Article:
Immigrants defense fund goal: $500,000, matching what Cambridge gave after fire
A new Cambridge Legal Defense Fund for Immigrants hopes to raise $500,000 by May 15, then start spending it immediately to defend immigrants suddenly at risk of detention, arrest, prosecution and deportation by the federal government.
The fund was announced Monday by Mayor Marc McGovern in partnership with the Cambridge Community Foundation, inspired in part by previous mayor E. Dense Simmons’ fundraising to help the victims of a December 2016 fire on Berkshire Street. That effort raised a half-million dollars within a few days of the fire.
It’s one of several steps McGovern has undertaken since Donald Trump became president to underline Cambridge’s formal position as a place that welcomes and supports immigrants, including undocumented immigrants.
The city has held sanctuary city status since 1985, “but symbolism is not enough,” McGovern said. “Cambridge must embrace the full meaning of being a sanctuary city by ensuring that our own residents – some of whom have been members of our community, our churches, schools and businesses for decades – are protected from xenophobic policies.”
Policies emanating from the White House have created anxiety not just among undocumented adult immigrants, but among 700,000 “Dreamers” brought to the United States as children (some 8,000 of whom are at risk in Massachusetts) and hundreds of thousands of refugees escaping war and natural disasters in Haiti, Honduras, Nicaragua and El Salvador under Temporary Protected Status.
“Immigration and Customs Enforcement, their officers are everywhere now,” said Leslie DiTrani, an immigration lawyer and member of the city’s Commission on Immigrant Rights & Citizenship, speaking at the Monday press conference. “They used to focus their limited resources on removing people who had criminal records or outstanding orders of deportation or who had recently come to the country. That may not be my choice, but I can understand the rational use of those resources. Those enforcement priorities are now gone. Now anyone in the United States without status is at risk, and the fear is pervasive.”
A resident at risk
One of those people with new causes to fear is David Mijares, director of Somerville’s Boys & Girls Club, who was brought to the United States when he was 7, went to Cambridge Public Schools and has a sibling serving in the U.S. Army in Afghanistan – and yet now lives under threat of deportation.
Mijares had been visiting a friend when his Greyhound bus was stopped and boarded by U.S. Customs and Border Protection agents at around 6 a.m. near Rochester, N.Y. “I saw them just scan the bus and look right at me,” Mijares said. When he acknowledged that he didn’t have citizenship papers, the agents took him to a jail – holding him for days while his family tried to get together $5,000 bail – and then to court in Buffalo, where a judge refused to transfer his case to Boston.
“I was exploring my options and preparing for my departure from this country. My list of where to go included places I’ve never been before, or barely knew. It isn’t easy to smile, shake hands or set meetings while the ground is crumbling beneath your feet,” Mijares said. “No one ever reaches you to say goodbye to something you don’t want to leave for something you don’t have a plan for.”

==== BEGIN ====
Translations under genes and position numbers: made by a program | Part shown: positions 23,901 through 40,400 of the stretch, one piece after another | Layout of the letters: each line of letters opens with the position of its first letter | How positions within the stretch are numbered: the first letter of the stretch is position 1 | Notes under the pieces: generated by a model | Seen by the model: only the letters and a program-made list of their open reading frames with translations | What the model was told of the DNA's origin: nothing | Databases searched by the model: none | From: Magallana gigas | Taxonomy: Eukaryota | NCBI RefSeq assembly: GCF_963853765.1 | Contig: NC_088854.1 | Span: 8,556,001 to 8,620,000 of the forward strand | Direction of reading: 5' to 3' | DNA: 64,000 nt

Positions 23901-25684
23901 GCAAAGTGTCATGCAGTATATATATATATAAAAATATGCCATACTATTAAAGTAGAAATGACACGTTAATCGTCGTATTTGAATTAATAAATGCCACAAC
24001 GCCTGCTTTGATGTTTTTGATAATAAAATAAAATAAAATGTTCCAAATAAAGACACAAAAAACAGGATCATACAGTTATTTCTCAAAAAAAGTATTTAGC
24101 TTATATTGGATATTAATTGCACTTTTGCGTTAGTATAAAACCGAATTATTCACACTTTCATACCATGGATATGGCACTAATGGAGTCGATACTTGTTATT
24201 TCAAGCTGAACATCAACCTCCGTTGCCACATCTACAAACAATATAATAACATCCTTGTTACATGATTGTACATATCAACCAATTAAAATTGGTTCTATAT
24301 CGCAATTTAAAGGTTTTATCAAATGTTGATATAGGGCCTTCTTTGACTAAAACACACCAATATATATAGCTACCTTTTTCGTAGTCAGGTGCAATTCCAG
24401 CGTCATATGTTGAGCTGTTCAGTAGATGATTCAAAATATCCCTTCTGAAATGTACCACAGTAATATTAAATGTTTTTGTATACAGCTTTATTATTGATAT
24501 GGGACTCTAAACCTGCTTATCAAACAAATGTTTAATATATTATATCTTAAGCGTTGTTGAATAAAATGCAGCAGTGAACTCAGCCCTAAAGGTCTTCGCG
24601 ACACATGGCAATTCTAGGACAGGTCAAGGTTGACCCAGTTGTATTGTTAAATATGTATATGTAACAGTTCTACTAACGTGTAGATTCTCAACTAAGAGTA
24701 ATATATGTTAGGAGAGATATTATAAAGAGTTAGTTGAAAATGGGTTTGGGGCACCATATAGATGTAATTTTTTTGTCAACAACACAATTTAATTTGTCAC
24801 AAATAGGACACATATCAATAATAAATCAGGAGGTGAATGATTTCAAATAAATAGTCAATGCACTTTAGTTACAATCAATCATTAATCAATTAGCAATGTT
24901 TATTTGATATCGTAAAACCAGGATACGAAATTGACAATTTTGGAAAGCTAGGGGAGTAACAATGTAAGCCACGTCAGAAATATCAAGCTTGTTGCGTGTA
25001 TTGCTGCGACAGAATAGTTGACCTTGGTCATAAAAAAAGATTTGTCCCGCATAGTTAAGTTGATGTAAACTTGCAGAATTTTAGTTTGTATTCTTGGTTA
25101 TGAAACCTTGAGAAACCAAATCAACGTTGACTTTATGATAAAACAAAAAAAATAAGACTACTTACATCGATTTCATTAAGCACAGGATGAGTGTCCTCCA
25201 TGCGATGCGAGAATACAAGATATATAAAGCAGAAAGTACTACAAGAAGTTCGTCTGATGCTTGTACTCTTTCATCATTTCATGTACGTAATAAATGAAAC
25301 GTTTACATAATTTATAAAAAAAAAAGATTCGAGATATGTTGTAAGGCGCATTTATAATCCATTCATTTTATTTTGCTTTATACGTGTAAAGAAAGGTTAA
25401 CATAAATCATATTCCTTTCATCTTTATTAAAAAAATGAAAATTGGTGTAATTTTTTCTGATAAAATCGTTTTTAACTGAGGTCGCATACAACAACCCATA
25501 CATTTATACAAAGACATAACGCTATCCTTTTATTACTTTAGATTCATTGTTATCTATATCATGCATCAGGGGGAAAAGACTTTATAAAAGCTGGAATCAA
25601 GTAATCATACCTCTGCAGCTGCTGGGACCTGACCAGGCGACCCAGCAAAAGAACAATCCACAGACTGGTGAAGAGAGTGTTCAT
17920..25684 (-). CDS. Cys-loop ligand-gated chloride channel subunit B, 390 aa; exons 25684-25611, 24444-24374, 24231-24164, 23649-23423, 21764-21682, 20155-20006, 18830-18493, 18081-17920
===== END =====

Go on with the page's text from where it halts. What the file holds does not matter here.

For the moment, a court order protects People with Deferred Action for Childhood Arrivals status such as Mijares from deportation, and his case is under “administrative closure” – meaning the federal government isn’t acting on his case, allowing Mijares to undertake a months-long process of renewing his work authorization.
“For me that’s not enough time. This upcoming March 16 may be my final day as director of the Boys & Girls Club of Somerville,” he said. “I’m hopeful to resume my role once my situation has cleared, but nothing is promised.”
Mijares said he usually shies away from the spotlight, but he supported the Cambridge Legal Defense Fund for Immigrants’ work to improve the chances of people such as himself by securing legal help. “I’m tired of the limbo my life is in,” he said.
“Cambridge will stand with you”
The fund launched with about $50,000 already in place – half from a donor who redirected previously committed money when learning of the new designation, half from the Cambridge Community Foundation itself.
“This approach is supremely and essentially Cambridge,” said Geeta Pradhan, president of the foundation, making an explicit connection between the approach and response around the Berkshire Street fire fundraising as “the phenomenal example of Cambridge’s generosity in full swing, when people gave from $5 to $5,000 and even more because they cared about their community, because they wanted to reach out and make a difference in someone’s life. This is very similar to that.”
Like other speakers at the event, which was attended mainly by media, city staff and the mayor’s fellow city councillors, Pradhan said she’d been disappointed by the nation’s turn to hate and the “atmosphere of fear and distress” that had been whipped up, but energized by the promise of the fund. “We don’t have time to lose,” she said. “People are losing their families, they are being torn apart. We need to do something, and we really need to act now. I’m here to tell you to open up your hearts – and open up your wallets.”
Tax-deductible donations can be given by checks payable to the Cambridge Community Foundation for Cambridge Legal Defense Fund for Immigrants at 99 Bishop Allen Drive, Cambridge MA 02139; at the foundation website or on a GoFundMe page.
“To those impacted by the destructive actions coming from the White House, I want you to know that Cambridge respects you, Cambridge values you and Cambridge will stand with you every step of the way in this fight,” McGovern said.